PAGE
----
Insights from DCS
Knowledge for the information generation

When 21st Century solution providers are asked for 20th Century solutions

By James Howlett - 5 Aug 2019
  • Case Management


Is it a vendor's place to suggest a better solution than the one a business is determined to implement?

That's not a trick question, it's a genuine conundrum. We had a representative from a top tier Scottish law firm call us recently, wanting to know if we could help them implement a "records management system". That is what we do and could definitely help them; however it soon became clear that we meant very different things by "records management system".

The legal firm's requirement turned out to be a tracking system for paper files. They operate a lot of off-site storage and their priority was to gain better control and visibility of who takes out what files and when etc.

All this was painful to hear - like nails down a blackboard - as we do our level best to liberate business processes from the shackles and costs of inefficient paper-pushing. We've even had recent successes specifically in the legal sector which is generally becoming more amenable to the idea of taking case/matter management off-paper.

But given an opportunity to futureproof themselves and inaugurate start-to-finish digital case management, this firm chooses instead to affirm their allegiance to paper processes. In the absence of an existing and trusted business relationship with them, how are we supposed to react without sounding self-serving?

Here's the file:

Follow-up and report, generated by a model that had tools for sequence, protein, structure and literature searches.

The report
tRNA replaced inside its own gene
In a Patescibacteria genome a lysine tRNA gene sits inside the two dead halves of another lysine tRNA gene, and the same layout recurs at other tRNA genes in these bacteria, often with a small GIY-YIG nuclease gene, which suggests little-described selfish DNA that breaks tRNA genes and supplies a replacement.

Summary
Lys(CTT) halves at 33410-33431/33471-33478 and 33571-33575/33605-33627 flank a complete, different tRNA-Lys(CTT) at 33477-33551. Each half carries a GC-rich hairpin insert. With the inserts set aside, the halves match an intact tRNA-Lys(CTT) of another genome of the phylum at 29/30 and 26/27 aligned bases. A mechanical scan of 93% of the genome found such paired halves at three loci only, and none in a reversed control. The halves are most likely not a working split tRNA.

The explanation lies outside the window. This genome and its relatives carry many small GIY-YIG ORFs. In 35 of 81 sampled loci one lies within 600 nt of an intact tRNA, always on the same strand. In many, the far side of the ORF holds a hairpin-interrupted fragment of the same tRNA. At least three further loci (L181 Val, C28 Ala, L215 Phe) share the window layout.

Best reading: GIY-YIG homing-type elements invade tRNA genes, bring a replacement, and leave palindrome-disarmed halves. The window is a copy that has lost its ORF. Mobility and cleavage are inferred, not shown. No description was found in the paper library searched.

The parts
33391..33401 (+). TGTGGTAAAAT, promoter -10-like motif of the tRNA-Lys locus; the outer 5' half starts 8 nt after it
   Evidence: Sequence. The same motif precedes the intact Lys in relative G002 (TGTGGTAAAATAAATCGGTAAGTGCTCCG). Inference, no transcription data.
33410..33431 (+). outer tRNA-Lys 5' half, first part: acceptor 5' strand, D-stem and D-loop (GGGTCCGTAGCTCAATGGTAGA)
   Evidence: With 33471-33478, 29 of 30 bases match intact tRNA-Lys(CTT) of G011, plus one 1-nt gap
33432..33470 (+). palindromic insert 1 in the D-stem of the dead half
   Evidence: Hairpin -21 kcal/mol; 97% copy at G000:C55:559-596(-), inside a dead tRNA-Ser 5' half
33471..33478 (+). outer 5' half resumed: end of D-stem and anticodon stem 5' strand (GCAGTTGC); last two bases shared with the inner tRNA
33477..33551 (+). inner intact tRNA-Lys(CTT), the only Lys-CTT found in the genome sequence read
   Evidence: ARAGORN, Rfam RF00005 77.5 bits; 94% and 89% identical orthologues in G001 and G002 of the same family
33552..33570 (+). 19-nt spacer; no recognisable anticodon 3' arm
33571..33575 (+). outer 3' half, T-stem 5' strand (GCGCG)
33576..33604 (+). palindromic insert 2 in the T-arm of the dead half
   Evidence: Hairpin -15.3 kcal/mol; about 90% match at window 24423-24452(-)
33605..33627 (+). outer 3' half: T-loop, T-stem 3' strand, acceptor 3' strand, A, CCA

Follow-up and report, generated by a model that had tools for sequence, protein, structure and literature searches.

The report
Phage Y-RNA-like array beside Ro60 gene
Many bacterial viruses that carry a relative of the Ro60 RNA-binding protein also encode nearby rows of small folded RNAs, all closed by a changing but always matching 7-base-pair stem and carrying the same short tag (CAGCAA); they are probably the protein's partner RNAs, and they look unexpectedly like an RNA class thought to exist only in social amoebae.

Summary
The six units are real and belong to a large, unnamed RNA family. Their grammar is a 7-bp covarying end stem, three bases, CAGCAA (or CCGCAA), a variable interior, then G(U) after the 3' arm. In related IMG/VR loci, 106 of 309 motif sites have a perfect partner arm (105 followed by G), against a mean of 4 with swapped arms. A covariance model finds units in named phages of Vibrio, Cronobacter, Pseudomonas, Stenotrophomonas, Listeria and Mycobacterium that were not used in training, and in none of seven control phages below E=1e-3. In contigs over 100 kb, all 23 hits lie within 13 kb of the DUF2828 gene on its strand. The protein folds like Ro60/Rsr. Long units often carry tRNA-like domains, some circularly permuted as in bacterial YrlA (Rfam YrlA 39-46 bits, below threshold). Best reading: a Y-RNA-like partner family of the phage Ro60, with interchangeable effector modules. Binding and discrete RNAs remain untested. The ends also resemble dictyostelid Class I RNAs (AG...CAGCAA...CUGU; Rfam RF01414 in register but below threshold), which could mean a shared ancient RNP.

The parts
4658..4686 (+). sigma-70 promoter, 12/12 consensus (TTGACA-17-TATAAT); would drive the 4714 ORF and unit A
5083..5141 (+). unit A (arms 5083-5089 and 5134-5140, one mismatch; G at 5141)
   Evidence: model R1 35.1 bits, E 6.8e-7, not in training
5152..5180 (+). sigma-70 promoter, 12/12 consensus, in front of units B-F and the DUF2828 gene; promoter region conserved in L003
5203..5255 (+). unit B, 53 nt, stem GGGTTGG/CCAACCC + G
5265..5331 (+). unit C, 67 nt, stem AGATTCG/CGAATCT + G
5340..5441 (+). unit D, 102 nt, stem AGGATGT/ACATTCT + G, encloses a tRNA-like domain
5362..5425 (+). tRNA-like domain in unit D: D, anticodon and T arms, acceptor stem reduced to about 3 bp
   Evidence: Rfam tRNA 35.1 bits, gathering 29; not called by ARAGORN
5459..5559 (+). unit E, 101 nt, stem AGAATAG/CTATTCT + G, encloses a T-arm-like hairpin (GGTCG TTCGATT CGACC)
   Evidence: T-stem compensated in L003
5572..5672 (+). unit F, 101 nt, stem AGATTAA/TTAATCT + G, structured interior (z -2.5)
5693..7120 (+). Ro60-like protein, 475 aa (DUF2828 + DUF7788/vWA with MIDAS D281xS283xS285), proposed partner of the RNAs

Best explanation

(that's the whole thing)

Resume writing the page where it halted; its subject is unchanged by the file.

We could, for instance, appoint ourselves to a grandiose duty of care and attempt to stage "interventions" whenever we encounter organisations clinging to paper like security blankets. But potential clients are likely to react unfavourably to this.

At best, we'd be politely dismissed for pushing what is, after all, our agenda - a profit-making business model that promotes paper-lite processes. At worst we would be perceived as obnoxious and pushy along with it.

Or we could passively enable or validate their addiction, in the hope that when digital transformation is not too painful when it inevitably becomes a more pressing issue for them.

In the instance of the Scottish law firm, we simply don't support what they wanted, so we gently outlined what we do and let them know that if ever they reconsidered their commitment to paper, we'd be there for them. It seemed the most appropriate position to take.